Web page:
New whitepaper questions the role of the modern battery in new applications
Consumer demand is driving innovation in battery technology in areas such as home automation, medical devices, military and robotics. As a result, original equipment manufacturers (OEMs) need to ensure they are using the right battery for their application. That is the assertion from specialist battery manufacturer Accutronics in a new whitepaper released today, which asks the question: what is a battery?
The rapid growth in the Internet of Things (IoT) has allowed internet-connected devices fitted with sensors to change the way homeowners control functions around the home. It is also revolutionising the way that medical devices are used in hospitals, the way that equipment is developed for soldiers and the way that design engineers make the next generation of robots.
However, despite these advancements, OEMs are not always aware of how to select the right battery to power the load. The whitepaper addresses these problems; exploring areas such as battery chemistry, industry regulations, cell structure, battery design and the needs of specific markets.
“In sectors such as medical, we are seeing devices such as ventilators, infusion pumps, dialysis systems and anaesthesia machines move from mains AC power to portable battery power,” explained Johnathan Celso, applications engineer at Ultralife Corporation, the parent company of Accutronics.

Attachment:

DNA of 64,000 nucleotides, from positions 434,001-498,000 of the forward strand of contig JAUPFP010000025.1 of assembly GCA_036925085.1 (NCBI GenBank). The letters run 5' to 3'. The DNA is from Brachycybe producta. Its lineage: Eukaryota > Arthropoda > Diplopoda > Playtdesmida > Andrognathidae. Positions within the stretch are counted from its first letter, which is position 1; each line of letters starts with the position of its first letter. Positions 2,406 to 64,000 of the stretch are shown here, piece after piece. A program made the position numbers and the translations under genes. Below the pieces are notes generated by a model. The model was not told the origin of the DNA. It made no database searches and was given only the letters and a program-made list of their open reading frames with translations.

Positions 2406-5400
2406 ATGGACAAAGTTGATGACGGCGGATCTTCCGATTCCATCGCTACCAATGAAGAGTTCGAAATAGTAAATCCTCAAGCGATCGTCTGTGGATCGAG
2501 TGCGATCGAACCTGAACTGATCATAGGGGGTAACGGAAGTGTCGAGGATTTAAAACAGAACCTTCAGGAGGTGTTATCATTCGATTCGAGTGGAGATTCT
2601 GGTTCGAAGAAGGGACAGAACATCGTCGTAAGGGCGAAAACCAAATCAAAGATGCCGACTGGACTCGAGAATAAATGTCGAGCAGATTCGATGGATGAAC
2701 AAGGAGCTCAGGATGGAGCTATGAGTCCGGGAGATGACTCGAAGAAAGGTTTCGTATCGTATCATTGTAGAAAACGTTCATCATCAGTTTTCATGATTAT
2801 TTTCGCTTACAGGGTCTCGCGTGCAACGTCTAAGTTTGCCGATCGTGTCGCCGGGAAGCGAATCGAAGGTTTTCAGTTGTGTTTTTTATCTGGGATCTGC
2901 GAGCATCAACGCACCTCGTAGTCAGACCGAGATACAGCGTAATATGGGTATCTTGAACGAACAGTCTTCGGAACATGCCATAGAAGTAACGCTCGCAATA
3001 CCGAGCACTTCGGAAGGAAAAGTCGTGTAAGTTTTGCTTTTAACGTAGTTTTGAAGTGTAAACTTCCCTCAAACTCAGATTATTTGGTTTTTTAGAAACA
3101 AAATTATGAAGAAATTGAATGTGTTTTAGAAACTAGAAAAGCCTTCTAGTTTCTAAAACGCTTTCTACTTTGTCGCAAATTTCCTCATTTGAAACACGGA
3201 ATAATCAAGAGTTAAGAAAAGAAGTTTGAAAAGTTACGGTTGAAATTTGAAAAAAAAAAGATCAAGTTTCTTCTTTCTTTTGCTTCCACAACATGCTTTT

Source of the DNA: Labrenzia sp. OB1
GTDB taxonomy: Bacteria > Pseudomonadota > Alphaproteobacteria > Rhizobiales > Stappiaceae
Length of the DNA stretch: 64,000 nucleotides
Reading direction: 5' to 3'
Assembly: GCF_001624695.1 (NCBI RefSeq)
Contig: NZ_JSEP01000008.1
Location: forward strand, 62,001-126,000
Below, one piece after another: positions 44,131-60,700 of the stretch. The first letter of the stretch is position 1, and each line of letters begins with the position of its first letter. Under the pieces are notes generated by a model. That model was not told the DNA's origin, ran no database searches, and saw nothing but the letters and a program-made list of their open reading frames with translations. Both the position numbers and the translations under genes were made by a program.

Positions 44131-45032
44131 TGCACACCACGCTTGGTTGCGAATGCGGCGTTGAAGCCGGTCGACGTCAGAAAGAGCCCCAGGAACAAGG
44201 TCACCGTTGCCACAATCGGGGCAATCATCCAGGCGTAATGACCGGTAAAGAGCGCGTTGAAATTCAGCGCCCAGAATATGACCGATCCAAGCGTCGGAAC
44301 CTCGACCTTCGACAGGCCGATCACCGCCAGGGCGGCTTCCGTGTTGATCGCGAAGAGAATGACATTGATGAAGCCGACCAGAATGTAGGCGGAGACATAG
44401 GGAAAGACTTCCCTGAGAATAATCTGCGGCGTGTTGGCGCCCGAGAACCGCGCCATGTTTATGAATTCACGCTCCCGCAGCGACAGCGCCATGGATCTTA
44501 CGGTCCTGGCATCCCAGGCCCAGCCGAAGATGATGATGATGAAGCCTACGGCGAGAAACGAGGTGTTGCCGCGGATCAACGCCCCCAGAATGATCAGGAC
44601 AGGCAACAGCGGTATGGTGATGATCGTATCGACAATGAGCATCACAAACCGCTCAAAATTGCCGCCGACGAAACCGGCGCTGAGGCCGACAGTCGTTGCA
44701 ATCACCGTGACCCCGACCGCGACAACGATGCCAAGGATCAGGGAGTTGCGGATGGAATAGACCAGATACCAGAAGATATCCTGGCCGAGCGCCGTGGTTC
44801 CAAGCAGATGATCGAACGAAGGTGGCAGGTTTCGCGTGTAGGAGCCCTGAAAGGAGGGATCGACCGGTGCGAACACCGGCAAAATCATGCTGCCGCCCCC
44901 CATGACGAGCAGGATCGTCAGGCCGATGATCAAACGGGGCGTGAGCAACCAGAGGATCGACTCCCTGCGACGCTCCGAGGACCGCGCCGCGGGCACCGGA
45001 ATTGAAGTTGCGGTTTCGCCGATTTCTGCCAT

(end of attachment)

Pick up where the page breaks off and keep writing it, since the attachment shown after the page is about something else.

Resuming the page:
“This increased need for portability in the medical sector is driving the need for high-discharge batteries that can cope with continuous charge and discharge cycles efficiently and safely. This is where new chemistries such as lithium iron phosphate (LiFePO4) are allowing us to create batteries that improve on traditional sealed lead acid (SLA) technology.
“Today’s design engineers are under pressure to create ever-more compact devices, with more powerful features that push the limits of existing battery technology. If we are to avoid the numerous high profile battery recalls that we’ve witnessed in recent years, then OEMs need to reassess the batteries they specify, looking at challenges such as cell design and regulations on shipping.”
The whitepaper looks at key milestones in the history of batteries, the challenges faced today — including high profile incidents of batteries on planes — and regulations such as IEC62133-2:2017. It also explores the most popular battery chemistries in use today, cell structures, and the considerations that design engineers need to make.
Design engineers that want to ensure they make the right, well-informed decision when selecting their battery can download the whitepaper for free from the Accutronics website.